His voice, it seems, has been heard by some of the politicians in the presidential race. In late August, a left-wing grouping consisting of Zamora, union leaders led by Víctor de Genaro, and Elisa Carrió—another leading Argentine presidential candidate—began to organize protests calling for the creation of an elected constitutional assembly and a renewal of all electoral posts. Without such a step, the three argued, there could be no real political change in Argentina. But given the unlikely prospect of the creation of a constitutional assembly (which would require a two-thirds majority vote in Congress), the left-of-center candidates are faced with a difficult dilemma: whether to participate in flawed elections, or abstain in protest, thereby leaving the field open for their opponents.

Those brave or foolish enough to want to be Argentina’s president must officially declare their candidacy by Oct. 26. For the first time in years there will be a wide variety of candidates. An additional novelty will be the strong presence of a number of front-running women presidential candidates. But unless a constitutional assembly is approved, the next president, whoever he or she may be, will be extremely limited by a Congress that in the eyes of many Argentines has been tinged with corruption.

To make matters worse, the elections will be held against the backdrop of a prolonged economic and social crisis. With unemployment running at close to 23 percent, half the country plunged into poverty, a record number of bankrupcies, a growing army of scavengers, a sharp increase in violence and delinquency, and an unending series of unresolved political scandals, the electoral possibilities of candidates favoring a neoliberal economic policy do not appear promising. Added to the country’s continuing political turmoil, the social unrest is considered to be one of the main reasons that the International Monetary Fund (IMF) is dragging its feet in providing assistance to Argentina. Whether or not the IMF finally decides to bail out the country, it most certainly will be the target of growing criticism by politicians from the center to the left, due to the view that its stress on belt-tightening has increased the gap between rich and poor instead of providing jobs for the masses.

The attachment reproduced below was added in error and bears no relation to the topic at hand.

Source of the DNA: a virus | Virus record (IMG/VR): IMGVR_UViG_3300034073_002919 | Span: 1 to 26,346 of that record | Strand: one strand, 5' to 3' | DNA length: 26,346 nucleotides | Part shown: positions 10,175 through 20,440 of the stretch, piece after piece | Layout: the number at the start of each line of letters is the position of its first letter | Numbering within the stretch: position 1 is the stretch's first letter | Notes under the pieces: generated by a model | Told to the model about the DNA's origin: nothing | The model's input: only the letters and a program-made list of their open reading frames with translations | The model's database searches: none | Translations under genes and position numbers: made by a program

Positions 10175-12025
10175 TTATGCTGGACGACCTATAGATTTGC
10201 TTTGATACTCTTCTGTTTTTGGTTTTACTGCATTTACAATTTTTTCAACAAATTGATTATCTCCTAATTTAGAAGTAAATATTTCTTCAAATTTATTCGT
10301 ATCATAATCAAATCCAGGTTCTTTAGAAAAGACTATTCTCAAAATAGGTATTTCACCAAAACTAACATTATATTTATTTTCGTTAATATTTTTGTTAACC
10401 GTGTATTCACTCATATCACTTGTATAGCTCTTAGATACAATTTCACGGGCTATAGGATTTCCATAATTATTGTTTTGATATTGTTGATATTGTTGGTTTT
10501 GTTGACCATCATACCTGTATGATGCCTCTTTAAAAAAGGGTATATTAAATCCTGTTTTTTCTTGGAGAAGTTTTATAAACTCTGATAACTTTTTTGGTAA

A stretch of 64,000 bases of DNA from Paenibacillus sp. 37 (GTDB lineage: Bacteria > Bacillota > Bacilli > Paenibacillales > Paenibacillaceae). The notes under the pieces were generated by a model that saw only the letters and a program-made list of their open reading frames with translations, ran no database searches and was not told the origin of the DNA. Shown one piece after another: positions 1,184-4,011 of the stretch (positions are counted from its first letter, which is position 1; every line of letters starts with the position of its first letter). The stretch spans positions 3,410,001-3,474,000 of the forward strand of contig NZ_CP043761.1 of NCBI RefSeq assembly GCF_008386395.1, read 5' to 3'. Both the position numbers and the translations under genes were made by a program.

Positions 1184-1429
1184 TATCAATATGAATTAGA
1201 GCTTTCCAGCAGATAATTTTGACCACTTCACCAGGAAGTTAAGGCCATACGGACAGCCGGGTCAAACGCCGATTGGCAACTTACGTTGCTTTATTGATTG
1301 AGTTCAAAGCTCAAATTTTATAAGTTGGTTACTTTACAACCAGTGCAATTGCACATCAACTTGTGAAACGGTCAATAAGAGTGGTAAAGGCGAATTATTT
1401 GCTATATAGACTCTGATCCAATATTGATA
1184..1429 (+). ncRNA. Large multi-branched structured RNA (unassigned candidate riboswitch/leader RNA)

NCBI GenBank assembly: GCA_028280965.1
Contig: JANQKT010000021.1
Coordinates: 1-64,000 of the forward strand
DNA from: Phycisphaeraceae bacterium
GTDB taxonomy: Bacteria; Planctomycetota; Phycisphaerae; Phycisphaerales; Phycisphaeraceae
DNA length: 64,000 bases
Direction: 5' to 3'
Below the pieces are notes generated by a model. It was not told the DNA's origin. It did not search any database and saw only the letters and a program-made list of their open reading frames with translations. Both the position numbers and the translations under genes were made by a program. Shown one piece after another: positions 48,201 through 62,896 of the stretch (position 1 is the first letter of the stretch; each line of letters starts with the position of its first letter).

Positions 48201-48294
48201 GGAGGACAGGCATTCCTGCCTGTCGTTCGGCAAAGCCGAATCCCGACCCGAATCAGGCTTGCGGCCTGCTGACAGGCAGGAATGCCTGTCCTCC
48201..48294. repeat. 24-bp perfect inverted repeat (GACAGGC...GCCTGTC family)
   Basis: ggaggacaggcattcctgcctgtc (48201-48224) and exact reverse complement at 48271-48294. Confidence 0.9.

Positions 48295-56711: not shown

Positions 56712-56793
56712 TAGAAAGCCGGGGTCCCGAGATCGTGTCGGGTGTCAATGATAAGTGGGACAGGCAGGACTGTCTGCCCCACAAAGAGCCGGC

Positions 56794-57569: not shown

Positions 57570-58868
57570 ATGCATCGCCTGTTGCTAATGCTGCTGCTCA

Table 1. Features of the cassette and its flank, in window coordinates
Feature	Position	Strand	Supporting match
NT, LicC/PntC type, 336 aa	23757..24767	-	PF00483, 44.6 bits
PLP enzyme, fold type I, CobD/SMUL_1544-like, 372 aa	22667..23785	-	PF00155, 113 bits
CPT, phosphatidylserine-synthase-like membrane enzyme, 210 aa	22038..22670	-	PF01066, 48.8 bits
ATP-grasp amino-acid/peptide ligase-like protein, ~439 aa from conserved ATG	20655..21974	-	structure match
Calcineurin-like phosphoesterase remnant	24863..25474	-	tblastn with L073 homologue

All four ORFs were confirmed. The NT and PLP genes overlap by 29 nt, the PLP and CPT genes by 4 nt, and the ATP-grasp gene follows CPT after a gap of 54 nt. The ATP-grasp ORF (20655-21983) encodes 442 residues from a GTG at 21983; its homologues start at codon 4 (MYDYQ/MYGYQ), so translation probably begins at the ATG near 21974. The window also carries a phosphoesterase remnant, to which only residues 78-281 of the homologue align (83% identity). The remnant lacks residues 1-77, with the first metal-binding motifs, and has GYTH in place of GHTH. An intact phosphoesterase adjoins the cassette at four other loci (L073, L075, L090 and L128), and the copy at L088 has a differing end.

The candidate currently at the top of the opinion polls is San Luis Province Governor Rodríguez Saá, a Peronist who, during a brief presidency last January, declared the country in default of its $145 billion foreign debt. Saá, who is closely followed in polls by anti-corruption muckracker Elisa Carrió, is playing cat and mouse with Menem, threatening to leave the party one day and declaring his determination to win the Peronist primaries the next. Although he presents himself as a populist and strong critic of the IMF, Saá has critics who wonder whether he might not be a carbon copy of Menem. While insinuating that he will pay only that part of the country’s foreign debt that a judicial investigation considers “legitimate,” he has also been courting political bedfellows on the right and left. The latest to cozy up to Saá is Aldo Rico, a former military man known for his right-wing nationalism, who participated in a coup attempt against the presidency of Raúl Alfonsín shortly after the return to democracy.

Menem himself is the most outspoken supporter of free-market economics, but his public image has taken a thrashing in the wake of numerous scandals that swirled around his administration. On July 22, the New York Times published an article alleging that Menem held million-dollar bank accounts in Switzerland, in which he had concealed bribes accepted for covering up the identity of perpetrators of terrorist attacks against Jewish organizations in Buenos Aires in the 1990s. The allegations have not only put a further dent in Menem’s reputation, but appear to have provoked a more cautious attitude toward him in Washington.